Foreign and local business groups have thrown their support behind the administration’s 10-point economic agenda.
The Joint Foreign Chambers, a group of foreign business groups in the Philippines, gave a score of 9 (with 10 being the highest), for the new administration’s reform agenda. The Philippine Chamber of Commerce and Industry also rated it at 8 or 9.
While the reforms spelled out in the 10-point economic agenda have yet to take roots, business groups agreed that the path taken by the government would lead to lower poverty incidence and generate more jobs and livelihood opportunities for Filipinos.
“What we all want is basically more foreign direct investments. But having more foreign direct investments hangs on opening up the economy. So we cannot have more foreigners coming in if investment restrictions are still in place,” European Chamber of Commerce of the Philippines vice president Henry Schumacher said.
“Our understanding of the vision of the Duterte administration is that foreign direct investment is needed and that it would lead basically to more employment and that’s exactly what Duterte wants to do. I think basically we have the opinion that the growth we have seen the last few years will continue in 2016,” Schumacher said.
Average annual foreign direct investments increased from $117 million under the Marcos administration to $644 million under the presidency of Corazon Aquino(1987 to 1992); $1.5 billion under Fidel Ramos; $1.74 billion under Joseph Estrada; $1.54 billion under Gloria Macapagal-Arroyo; and $4 billion under Benigno Aquino III.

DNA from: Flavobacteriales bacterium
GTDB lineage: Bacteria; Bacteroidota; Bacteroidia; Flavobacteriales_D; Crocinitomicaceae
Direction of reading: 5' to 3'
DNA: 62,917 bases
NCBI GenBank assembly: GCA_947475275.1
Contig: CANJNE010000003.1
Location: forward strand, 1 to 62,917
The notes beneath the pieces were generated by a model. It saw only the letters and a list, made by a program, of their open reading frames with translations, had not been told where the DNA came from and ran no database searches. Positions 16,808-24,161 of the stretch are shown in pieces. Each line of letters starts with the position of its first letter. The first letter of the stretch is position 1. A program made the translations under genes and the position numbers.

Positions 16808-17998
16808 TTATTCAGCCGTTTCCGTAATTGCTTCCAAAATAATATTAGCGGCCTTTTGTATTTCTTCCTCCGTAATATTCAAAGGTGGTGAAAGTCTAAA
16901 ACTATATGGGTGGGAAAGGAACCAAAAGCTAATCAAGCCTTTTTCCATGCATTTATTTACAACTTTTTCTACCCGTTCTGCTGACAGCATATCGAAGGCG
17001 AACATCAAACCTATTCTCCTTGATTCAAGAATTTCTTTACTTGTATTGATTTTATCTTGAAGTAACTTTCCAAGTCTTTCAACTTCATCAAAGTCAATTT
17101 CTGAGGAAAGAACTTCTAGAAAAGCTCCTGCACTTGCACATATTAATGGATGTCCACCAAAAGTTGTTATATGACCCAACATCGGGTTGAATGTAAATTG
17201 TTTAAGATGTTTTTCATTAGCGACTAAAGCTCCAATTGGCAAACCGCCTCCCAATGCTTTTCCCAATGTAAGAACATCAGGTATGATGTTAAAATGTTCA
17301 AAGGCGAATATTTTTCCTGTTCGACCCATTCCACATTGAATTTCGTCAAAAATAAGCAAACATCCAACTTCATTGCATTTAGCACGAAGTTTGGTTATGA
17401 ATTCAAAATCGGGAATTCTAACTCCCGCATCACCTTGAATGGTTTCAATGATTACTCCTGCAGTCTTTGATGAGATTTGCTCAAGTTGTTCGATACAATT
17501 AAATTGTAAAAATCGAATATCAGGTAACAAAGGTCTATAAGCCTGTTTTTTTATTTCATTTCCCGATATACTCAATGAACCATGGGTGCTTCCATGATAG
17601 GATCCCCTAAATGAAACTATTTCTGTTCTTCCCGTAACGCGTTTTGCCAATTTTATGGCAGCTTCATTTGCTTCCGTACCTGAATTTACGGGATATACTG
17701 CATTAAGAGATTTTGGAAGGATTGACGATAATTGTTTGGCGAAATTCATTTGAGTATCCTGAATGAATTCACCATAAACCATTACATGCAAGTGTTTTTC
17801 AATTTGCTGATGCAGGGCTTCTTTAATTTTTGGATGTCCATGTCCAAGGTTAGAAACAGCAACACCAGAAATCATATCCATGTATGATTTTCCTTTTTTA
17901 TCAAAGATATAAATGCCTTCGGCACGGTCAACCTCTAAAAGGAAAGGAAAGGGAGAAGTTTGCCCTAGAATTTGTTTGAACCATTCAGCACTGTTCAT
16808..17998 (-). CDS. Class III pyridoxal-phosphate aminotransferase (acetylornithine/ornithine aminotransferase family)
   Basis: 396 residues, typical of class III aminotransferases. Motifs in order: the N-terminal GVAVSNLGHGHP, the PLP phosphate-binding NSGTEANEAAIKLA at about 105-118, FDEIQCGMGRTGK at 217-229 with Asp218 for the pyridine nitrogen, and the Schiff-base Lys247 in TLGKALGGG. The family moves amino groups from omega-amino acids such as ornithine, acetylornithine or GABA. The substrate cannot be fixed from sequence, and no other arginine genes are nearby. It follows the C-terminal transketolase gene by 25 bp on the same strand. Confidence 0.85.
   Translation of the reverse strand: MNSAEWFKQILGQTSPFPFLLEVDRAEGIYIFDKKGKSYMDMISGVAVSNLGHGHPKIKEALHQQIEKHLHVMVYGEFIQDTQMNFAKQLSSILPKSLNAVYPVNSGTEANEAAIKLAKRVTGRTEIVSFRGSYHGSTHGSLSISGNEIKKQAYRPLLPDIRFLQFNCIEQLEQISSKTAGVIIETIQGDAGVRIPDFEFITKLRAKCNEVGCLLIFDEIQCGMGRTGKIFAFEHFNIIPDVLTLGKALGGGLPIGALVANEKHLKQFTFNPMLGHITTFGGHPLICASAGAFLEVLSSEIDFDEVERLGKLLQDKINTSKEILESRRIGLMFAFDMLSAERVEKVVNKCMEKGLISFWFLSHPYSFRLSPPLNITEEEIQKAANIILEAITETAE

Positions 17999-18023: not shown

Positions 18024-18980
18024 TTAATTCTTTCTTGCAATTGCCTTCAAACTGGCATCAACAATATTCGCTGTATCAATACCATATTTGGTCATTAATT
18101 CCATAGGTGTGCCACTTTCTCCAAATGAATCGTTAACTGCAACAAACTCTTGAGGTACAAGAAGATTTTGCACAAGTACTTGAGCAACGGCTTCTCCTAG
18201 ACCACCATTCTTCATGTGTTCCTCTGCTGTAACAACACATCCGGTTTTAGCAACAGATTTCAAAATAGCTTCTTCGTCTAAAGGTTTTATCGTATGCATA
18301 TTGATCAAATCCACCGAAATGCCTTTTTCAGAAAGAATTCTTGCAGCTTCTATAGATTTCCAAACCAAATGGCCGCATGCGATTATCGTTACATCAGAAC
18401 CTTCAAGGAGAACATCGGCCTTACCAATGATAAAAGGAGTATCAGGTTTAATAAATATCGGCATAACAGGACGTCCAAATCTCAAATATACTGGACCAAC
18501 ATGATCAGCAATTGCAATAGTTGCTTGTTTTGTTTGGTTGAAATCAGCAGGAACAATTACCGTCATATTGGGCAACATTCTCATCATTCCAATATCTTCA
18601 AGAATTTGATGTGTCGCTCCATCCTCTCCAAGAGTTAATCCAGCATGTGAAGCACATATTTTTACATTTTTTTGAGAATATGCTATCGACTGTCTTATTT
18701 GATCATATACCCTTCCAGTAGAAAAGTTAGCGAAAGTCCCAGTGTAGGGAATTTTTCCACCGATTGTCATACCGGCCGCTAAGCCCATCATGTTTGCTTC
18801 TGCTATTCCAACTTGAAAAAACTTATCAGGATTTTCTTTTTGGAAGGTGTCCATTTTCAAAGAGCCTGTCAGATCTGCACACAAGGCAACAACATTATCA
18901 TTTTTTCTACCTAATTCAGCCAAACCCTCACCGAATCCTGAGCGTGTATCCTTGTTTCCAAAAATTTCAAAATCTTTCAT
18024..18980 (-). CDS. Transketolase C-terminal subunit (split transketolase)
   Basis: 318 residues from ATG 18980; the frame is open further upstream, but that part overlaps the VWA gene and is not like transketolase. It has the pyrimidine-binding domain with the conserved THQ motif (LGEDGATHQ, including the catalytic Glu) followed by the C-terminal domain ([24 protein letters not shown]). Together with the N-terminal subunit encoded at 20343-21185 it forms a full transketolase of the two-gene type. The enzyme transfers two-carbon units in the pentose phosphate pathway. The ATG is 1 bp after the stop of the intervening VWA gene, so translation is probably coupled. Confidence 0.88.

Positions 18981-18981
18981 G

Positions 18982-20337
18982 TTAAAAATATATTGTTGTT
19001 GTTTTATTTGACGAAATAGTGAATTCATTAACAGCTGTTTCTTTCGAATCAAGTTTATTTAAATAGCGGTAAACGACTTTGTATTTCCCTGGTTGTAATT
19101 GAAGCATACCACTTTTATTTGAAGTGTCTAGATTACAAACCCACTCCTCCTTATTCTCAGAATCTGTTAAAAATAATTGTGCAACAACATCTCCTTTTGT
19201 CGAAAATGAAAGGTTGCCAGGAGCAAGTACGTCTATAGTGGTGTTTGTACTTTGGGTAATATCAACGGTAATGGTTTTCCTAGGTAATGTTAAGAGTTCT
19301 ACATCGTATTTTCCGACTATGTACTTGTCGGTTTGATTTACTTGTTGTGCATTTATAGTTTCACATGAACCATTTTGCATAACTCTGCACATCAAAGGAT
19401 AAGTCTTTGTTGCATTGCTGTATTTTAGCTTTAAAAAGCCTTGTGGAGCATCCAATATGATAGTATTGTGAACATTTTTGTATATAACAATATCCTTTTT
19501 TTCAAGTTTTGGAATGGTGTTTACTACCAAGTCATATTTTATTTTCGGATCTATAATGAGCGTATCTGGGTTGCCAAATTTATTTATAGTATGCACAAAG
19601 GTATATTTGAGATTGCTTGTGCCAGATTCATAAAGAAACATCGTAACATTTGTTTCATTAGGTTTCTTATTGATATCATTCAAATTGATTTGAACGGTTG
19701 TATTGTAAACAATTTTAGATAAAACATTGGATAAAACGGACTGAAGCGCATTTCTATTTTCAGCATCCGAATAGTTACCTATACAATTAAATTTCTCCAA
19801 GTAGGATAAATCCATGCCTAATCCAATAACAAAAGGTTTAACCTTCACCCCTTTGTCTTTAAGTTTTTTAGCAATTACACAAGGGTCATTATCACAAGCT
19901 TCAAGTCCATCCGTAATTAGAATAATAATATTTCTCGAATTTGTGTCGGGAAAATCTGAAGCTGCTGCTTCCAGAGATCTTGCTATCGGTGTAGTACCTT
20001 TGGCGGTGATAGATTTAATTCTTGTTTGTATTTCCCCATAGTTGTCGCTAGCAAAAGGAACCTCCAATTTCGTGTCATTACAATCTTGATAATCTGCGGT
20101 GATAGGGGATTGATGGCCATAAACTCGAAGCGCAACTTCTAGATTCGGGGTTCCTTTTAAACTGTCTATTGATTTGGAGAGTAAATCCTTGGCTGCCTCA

JFC said despite increasing investments, business and economic reforms failed to move faster in the 16th Congress with only 17 laws approved, compared to 34 laws in the 15th Congress.
JFC said several laws needed to be adjusted to open up the economy. It said there was a need to pass the Bangsamoro Basic law to render credence and flesh out the inclusive growth mantra of the current government.
Business groups said aside from attracting more investments, the government should induce consumption, fueled by growing remittances, business process outsourcing receipts which created a new social class and the recovery of the manufacturing sector.
JFC said the country should also work hard to revive exports and recharge the agriculture sector.
“We would also like agriculture to move. We have to see how the administration is going to address [them]. We see a sense of urgency that was not seen for many years,” it said.
Investors’ sentiments remain positive, despite the spate of killings in the name of war against narcotics.
PCCI lauded the president’s stance on finding harmony between a good economy and a peaceful “drug-free” existence. PCCI honorary chairman and treasurer Sergio Ortiz-Luis said the group had not received complaints that a member’s operations were hampered because of the ongoing campaign against drugs.
“Can you tell me if there are companies closing because of this. The government is taking away drugs and criminality. Duterte wants to make sure that there is no room for corruption in our system. What he wants is constitutional reform and that’s what many of us want. The government also wants a level playing field not hampered by land ownership and ownership restrictions,” Ortiz-Luis said.
He said the war waged against criminality and drugs is a war that can be won.
“The war is a matter of perception. We are only concerned of what the investors will think,” he said.